Her response to my inquiry regarding all of these things was, "oh I wouldn't worry about that."  I kid you not.  I attempted to coax a more detailed explanation out of her, as I was eager for her opinion of what I had gleaned from my own research.  Nada.  She did not even allude to the Elimination, SC/Paleolithic, Mediterranean or any IBS-friendly diet.  I'm so glad that by some glitch in the system there was no copay for this appointment.  I understand that most nutritionists see patients who are new to approaching their medical care through a dietary component, and that many people just need to be told not to consume more than 200 daily grams of fat or drink more water or that they're allergic to some foods.  It's not her fault she couldnt tell me exactly what I wanted to hear.  It is her fault that she was totally unaware of how to answer any of the questions I asked -- I posed them to be specifically familiar to people in the nutrition profession (I have a friend who in nutrition whose first reaction to hearing the summary of the last four months was to ask if I had tried the Elimination diet and what it told me if anything).  Clearly, if I want a more straight-forward conglomeration of all the research I've been doing, I need to see a naturopathic nutritionist, or someone straight out of college who still knows how important it is to understand how nutrition and disease interact.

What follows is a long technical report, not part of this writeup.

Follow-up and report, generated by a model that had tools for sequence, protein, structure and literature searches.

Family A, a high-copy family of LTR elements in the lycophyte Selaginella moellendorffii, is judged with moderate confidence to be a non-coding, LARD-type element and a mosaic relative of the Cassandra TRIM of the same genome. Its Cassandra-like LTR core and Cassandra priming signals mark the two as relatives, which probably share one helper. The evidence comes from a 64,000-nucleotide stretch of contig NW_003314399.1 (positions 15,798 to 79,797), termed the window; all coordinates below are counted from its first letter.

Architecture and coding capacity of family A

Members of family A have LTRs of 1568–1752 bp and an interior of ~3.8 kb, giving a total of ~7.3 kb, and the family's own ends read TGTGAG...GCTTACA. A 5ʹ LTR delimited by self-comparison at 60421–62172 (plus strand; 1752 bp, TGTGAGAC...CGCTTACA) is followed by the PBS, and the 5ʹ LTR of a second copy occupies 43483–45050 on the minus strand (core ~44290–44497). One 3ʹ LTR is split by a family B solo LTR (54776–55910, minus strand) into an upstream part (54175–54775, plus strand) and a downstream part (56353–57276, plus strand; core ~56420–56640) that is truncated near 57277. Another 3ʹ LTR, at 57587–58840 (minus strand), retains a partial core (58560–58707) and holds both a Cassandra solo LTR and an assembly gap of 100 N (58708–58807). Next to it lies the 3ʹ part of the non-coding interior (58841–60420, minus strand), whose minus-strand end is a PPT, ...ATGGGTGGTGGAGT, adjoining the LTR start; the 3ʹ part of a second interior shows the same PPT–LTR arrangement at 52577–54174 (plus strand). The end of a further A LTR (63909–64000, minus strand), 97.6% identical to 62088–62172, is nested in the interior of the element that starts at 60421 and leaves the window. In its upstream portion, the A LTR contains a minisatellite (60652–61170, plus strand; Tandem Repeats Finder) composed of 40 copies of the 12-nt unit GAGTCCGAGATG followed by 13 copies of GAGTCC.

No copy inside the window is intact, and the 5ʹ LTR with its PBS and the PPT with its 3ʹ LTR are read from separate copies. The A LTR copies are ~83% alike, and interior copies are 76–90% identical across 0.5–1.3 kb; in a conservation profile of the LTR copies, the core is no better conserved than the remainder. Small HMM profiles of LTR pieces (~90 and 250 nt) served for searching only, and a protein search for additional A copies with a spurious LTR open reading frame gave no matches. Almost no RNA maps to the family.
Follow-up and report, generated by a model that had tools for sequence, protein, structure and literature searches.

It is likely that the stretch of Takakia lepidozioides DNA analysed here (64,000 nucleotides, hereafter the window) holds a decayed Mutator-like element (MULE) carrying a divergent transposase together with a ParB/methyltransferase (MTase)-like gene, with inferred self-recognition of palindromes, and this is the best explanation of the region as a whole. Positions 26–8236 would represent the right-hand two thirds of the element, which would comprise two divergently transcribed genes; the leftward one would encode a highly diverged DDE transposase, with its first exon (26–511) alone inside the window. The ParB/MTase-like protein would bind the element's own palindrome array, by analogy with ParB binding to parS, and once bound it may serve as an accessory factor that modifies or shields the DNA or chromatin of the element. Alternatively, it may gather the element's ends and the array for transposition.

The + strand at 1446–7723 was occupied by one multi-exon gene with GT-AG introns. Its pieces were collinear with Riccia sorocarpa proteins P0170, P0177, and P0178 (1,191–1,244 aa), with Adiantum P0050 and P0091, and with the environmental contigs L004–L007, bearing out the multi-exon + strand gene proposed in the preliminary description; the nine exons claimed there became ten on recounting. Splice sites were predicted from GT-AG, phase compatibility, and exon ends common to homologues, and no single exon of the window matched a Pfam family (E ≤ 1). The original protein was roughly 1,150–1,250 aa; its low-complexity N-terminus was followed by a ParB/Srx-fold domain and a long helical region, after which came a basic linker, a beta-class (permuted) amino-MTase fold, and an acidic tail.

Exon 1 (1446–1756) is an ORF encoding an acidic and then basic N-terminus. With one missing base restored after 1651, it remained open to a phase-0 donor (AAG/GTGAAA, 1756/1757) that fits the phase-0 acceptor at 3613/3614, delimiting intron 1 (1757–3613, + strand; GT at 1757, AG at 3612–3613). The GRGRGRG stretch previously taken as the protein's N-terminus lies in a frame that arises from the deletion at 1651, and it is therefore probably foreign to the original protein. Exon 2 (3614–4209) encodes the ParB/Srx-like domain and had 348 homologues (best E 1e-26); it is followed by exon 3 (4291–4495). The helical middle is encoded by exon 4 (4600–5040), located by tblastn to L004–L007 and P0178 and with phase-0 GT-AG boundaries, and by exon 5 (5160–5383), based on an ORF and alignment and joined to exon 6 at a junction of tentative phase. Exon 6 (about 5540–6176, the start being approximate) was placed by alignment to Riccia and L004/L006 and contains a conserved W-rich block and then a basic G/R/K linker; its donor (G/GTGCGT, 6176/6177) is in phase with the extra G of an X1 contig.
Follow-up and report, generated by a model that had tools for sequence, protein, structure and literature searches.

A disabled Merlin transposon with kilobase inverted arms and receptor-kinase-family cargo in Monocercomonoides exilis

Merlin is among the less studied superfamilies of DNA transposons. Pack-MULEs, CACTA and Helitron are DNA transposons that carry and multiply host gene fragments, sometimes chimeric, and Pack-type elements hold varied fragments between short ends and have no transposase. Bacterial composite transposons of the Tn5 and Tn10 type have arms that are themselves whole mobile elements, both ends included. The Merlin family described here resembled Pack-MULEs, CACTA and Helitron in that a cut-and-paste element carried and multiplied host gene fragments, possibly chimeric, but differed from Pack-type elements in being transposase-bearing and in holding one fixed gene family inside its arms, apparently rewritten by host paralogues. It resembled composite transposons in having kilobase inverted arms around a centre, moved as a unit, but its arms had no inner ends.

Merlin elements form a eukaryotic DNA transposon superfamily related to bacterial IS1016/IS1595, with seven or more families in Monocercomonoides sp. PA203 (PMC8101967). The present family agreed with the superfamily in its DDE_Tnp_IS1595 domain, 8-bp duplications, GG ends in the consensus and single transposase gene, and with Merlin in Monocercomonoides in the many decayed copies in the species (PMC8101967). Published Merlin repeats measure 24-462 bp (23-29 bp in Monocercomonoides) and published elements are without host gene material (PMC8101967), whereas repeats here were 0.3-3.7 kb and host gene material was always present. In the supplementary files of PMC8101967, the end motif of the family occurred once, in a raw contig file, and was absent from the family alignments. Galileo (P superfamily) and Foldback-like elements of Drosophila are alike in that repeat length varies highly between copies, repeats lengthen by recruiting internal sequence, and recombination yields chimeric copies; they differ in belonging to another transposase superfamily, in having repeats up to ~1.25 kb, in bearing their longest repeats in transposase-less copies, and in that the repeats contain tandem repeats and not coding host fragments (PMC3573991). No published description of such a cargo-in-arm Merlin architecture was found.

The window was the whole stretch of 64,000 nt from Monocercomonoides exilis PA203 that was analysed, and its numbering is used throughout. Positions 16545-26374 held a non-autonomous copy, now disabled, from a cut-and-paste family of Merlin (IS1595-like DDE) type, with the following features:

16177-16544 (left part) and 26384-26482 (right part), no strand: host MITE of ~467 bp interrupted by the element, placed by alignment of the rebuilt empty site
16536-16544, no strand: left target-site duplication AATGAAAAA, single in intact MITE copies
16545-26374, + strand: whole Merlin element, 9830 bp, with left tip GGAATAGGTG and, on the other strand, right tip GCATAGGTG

On the actual bright side, I made apple/fennel/butternut squash soup with supper tonight.  Pureed veggies are my saving grace.  H.B. liked it!  Yayer!

Monday, December 14, 2009

Chanukah Miracles

This year marks H.B.'s and my first holiday season together (get all the cooing out of your system now).  Chanukah is not a high holiday, and were I a good Jew, I would not be so excited about it.  However, I am a semi-Semite, a historical Jew, and I look forward to the opportunity to celebrate an event in geopolitical history.